Nowadays, being a writer means spending so much time on the periphery of writing that it's hard to remember the only way to sell books is to write books. We're expected to maintain an Internet presence, interact with readers, and keep our names in front of people. And, I'll confess, often it's fun to spend a little time tweeting, or seeing what our friends are doing on Facebook. Unless you're disciplined and set a timer, it's easy to look up at the clock and see you've frittered away an hour. Or three. Word With Friends is not even "pseudo" writing time.
One approach many writers have taken is to band together to help expand their reach. And it is about reach, not sales. If your goal is solely to sell books, you're likely to be frustrated. Unless you're a Big Name Author whose next release is highly anticipated, makes the best-seller list before it's even released, and have a publisher that markets you and your book, odds are, very few people have heard of you, especially if you're an indie author with no brick and mortar presence.
I'm now a member of a small group called Booklover's Bench, and we're reaching out to readers. At the moment, there are five of us in the group, and now that we're getting the hang of things, we plan to add a few more.
By working with and for each other, we're reaching more people with less effort than if we each had to do everything ourselves. We can share what works, what doesn't, and each of us has an area of "expertise" that we can bring to the group, which also saves time and money.
In addition, we promote for each other. Readers get tired of the "buy my book" approach to everything (and it's a total turnoff in the social media). However, if it becomes, "buy HIS book," or "buy HER book" it's not self-promoting. And, of course, we've all read each other's books, so we can stand behind what we're saying.
When you have a team helping out by sharing your Facebook posts, they become visible to all their followers as well. So, while my 'reach' via Facebook (unless I pay extra) might be 1200 people, when I add in the followers of the other four people on the team, I'm now reaching a lot more. And we try to include "non-promo" stuff as well. It's about engaging people, not whomping them over the head with promotion.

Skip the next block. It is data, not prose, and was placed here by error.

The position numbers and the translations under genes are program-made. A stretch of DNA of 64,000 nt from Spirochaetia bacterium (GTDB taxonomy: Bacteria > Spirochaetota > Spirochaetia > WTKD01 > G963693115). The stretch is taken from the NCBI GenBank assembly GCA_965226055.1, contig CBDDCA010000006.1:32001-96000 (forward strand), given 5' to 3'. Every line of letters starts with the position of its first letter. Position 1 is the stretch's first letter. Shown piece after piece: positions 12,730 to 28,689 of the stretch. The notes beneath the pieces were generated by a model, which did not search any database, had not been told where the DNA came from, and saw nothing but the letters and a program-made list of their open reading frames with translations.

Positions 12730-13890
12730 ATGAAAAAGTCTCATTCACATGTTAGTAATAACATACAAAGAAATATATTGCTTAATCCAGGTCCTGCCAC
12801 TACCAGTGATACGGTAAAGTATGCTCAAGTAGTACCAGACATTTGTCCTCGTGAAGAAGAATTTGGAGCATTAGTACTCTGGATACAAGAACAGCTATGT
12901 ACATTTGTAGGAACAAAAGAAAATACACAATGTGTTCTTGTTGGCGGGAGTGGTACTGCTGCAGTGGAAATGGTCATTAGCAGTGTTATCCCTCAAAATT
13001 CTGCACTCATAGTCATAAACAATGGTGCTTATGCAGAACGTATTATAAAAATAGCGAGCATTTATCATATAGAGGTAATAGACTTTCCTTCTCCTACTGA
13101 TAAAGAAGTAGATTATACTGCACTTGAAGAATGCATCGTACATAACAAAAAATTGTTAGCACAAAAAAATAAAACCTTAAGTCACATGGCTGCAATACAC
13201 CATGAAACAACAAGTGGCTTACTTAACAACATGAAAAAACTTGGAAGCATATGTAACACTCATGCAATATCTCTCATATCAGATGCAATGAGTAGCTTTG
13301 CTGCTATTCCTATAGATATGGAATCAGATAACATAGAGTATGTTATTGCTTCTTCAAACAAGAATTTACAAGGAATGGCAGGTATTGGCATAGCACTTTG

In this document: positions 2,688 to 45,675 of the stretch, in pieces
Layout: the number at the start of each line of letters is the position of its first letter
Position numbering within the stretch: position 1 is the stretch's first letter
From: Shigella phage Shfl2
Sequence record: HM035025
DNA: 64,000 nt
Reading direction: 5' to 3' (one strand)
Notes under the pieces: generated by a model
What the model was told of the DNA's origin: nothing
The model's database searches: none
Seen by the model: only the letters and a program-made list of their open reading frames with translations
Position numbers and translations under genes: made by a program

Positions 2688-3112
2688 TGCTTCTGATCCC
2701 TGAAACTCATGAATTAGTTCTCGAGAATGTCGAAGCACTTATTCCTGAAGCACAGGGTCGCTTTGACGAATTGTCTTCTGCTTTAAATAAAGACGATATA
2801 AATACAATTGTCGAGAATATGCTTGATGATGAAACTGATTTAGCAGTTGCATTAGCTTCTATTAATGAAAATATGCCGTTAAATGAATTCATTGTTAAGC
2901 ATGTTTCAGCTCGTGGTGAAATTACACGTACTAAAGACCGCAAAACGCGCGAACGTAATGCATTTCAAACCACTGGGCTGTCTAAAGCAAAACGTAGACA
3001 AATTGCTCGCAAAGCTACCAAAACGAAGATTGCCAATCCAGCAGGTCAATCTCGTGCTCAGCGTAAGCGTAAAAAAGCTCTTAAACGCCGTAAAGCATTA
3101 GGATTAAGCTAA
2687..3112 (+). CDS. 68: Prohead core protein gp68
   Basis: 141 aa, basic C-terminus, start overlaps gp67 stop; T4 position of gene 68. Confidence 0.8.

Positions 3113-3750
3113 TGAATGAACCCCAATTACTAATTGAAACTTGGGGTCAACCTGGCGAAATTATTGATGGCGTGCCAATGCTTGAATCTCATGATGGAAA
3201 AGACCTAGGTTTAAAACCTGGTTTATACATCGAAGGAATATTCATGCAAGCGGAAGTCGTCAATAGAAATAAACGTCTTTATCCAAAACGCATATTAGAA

In my newsletter, I offer special contests to subscribers, usually with something of "mine" as the prize. Now, with a team behind me, I can include prizes from them as well. It becomes less about "me, me, me" and more about, "Here are some nifty things I think you might like." And up goes our reach.
On the financial side, any expenses incurred are split five ways. That's a help right there. We have a website, and we hold monthly contests. So far, we've given away a Nook Simple Touch and a $50 gift card, as well as downloads of our books.
Have you had any experience working the marketing side of things with a group? Successes or failures you'd like to share?
(Oh, and of course, I'd love it if you'd pop over to Booklover's Bench and "like" our pages. We'll be having another contest in April, so bookmark the page and check back.)
Terry Odell is the author of numerous romantic suspense novels, mystery novels, as well as contemporary romance short stories. Most of her books are available in both print and digital formats. She’s the author of the Blackthorne, Inc. series, steamy romantic suspense novels featuring a team of covert ops specialists, the Pine Hills Police series, set in a small Oregon town, and the Mapleton Mystery series, featuring a reluctant police chief in a small Colorado town. To see all her books, visit her website. You can also find her at her blog, Terry's Place, as well as follow her on Twitter, or visit her Facebook page.